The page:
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Roofing on a heritage house in Vancouver

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by: jaydee
Total views: 177
Word Count: 563
Date: Sun, 20 Feb 2011 Time: 11:45 PM

Installing a simple roof on a heritage home is a complex project. What is sure is that when the house was built it was probably done a little differently than a home is built today. The entire structure is older than your grandparents and tearing off the roof is pretty tricky. Even twenty years ago when roofers had a strange habit of going over the original roof that it is common to find Vancouver heritage homes with three layers of roofs. When hiring a roofing contractor they should definitely know how many layers you have before you sign on the line. Finding a extra layer during production is costly.

It can weigh quite a bit if there is suddenly an extra layer. What you will find out is the first layer is cedar. Good old, and I mean old Vancouver cedar. You cant get Cedar like that anymore, but it is definitely expired. In Vancouver heritage homes have steep pitches and weak decking. An increase of ventilation cause you probably getting laminate fibreglass shingles which means you getting a plywood deck.

Roofing on a Vancouver heritage house is quite is often done on a forty five degree angle. The house probably wasn't built to today’s building code and probably does not have soffit vents, this is a issue when vaulted ceilings sit below a new deck. Soffits vents can be installed but has to be inspected for each home by the roofer or carpenter first.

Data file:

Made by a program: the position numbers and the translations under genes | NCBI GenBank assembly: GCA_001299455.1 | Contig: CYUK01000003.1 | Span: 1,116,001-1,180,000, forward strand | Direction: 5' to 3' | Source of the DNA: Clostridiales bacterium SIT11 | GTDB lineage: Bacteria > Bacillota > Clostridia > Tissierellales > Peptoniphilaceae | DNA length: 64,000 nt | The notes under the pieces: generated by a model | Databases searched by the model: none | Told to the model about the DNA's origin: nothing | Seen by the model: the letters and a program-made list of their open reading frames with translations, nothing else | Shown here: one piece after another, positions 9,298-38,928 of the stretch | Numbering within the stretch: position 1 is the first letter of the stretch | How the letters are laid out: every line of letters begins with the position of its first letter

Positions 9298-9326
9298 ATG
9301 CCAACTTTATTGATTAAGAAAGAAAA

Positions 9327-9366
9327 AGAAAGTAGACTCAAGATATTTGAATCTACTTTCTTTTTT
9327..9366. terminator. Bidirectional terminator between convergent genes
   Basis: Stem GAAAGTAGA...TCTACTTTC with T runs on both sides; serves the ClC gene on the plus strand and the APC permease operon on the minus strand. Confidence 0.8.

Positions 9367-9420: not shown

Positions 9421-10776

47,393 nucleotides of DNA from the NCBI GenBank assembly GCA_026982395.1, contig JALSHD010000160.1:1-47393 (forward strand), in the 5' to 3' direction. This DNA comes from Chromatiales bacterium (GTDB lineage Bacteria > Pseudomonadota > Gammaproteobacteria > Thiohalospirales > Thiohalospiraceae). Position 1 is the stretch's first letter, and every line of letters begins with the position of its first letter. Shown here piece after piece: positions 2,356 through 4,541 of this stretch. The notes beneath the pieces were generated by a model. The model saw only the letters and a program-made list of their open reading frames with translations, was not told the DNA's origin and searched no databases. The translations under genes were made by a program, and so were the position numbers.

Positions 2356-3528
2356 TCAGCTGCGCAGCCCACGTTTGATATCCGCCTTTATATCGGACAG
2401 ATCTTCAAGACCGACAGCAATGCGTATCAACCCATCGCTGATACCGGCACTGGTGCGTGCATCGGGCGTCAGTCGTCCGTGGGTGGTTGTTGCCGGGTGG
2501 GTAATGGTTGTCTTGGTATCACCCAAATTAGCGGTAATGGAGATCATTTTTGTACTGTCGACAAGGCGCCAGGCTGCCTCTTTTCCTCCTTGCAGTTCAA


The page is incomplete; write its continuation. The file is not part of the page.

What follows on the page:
Vancouver heritage homes are clustered together with some gaps from eave to eave of each house actually overlaps. Heritage homes seem to be on average about two feet from each other. Protecting your neighbours home becomes a difficult task in some circumstances. Damaged siding can be expensive to repair on a heritage home and ruining a good relationship with your neighbour is a long term situation.

The roof deck on a really old home is probably strapping so plywood then has to installed. I haven't seen any heritage homes getting a cedar shake roof but I am sure there are some. A common negative issue with heritage homes is the chimney is pretty old and often falling apart. depending whether you use this chimney or not is a big facture on the options you have.

Most siding is still the siding the house was built with. Wall flashing and step flashing was not built with the house and so installing flashing can be impossible in some cases. Flashing means the metal that stops water from sliding between things like a wall and roof. Old siding on heritage homes in Vancouver can mean that the roofer only has the choice of a short term barrier like caulking or gluing the flashing above the siding. Watch out and make sure they do not damage a well preserved heritage house. If the owner insists that flashing be installed the roofer will often hand over the liability of the siding over to you. Dry rot is a major issue with these old houses so be prepared for carpentry work.

Each and every heritage home has it's own issues and one must play it by ear. Most problems you should see before the situation arises but always be ready for the unexpected when dealing with a Vancouver Heritage home

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